Amid reminiscences of childhood days spent milking cows, picking berries and splitting logs, the Senate voted overwhelmingly yesterday to let children as young as 10 work as harvest laborers under some conditions.
Senator after senator rose to proclaim the virtures of learning good work habits, breathing fresh farm air and discovering the value of the dollar at a young age.
Most of them came from states such as Maine and Oregon where growers of crops like potatoes, strawberries and raspberries have been objecting to a 1974 congressional ban on employing children under 12 in agricultural work. Previously there was no law setting a floor under the age for farm work.
"I would wager today that children are safer picking strawberries, raspberries or beans than they are playing in the park," said Sen. Bob Packwood (R-Ore.) "They are not likely to be mugged or robbed or raped in the strawberry field . . . They may be in the park."
Sen. Mark O. Hatfield (R-Ore.) called the proposal a "constructive opportunity for leisure time," and Sen. William D. Hathaway (D. Maine) said it allows children to get out-of-doors and "oftentimes they are engaging in play with one another" while picking crops. Sen. Edmund S. Muskie (D-Marine), who noted that he split logs at age 6, arritbuted "much of the disaffection with government" to rules like the 12-year age minimum for farm work.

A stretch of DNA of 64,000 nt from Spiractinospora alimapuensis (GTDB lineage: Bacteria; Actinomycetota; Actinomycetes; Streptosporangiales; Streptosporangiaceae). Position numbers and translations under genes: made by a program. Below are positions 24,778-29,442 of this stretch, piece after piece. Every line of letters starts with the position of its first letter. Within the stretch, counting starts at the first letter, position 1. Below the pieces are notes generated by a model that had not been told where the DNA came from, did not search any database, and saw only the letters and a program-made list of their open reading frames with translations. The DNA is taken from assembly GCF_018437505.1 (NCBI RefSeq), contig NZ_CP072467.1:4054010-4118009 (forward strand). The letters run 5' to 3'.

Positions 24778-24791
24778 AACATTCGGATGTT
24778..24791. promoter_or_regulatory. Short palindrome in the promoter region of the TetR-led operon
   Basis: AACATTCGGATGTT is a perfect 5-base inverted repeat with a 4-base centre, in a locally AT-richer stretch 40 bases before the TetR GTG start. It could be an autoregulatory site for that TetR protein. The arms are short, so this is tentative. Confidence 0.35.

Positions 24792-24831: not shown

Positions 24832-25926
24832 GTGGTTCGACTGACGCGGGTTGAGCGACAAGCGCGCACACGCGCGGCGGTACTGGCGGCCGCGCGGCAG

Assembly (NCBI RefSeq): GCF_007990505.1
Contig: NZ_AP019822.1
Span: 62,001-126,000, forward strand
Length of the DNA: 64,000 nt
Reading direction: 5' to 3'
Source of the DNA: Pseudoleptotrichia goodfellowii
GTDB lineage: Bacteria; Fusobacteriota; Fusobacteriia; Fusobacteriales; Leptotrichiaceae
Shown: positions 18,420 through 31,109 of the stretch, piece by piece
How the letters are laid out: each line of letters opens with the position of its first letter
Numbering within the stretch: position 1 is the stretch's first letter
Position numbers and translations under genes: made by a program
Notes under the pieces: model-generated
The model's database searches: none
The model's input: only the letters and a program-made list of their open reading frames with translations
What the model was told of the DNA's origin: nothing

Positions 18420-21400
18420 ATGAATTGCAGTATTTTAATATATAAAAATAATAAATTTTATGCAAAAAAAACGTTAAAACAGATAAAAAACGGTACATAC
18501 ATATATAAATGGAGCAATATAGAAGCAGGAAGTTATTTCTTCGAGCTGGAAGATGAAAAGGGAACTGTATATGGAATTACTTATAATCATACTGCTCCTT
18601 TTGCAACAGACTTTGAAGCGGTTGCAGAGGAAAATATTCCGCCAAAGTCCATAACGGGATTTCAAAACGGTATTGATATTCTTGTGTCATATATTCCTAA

Sen. Jacob K. Javits (R-N.Y.), sounding the one discordant note among the rapsodies, challenged his colleagues' suggestions that field work was a good way for youngster to earn "pin money." "Do we let them sell cocaine because they want pin money, or steal groceries because they want money?" asked Javits, who said he was opposed to any weakening of child labor laws, which is the position taken by the Labor Department.
Packwood said that he, as a "product of the field," could understand the distinction. Javits, Packwood, noted grew up in "the asphalt jungle."
In the end, the Senate at the urging of Javits and Sen. Harrison A. Williams Jr. (D.-N.J.), adopted work restrictions considerably tighter than a previously passed House measure that would empower the Secretary of Labor to authorize field work at any age if conditions such as need for workers, health protection and proimity to home are met. The Senate-approved bill would impose a 10-year age floor limit the time a youngster can work in the fields to eight weeks, ban exposure to pesticide, and require the Labor Secretary to determine that.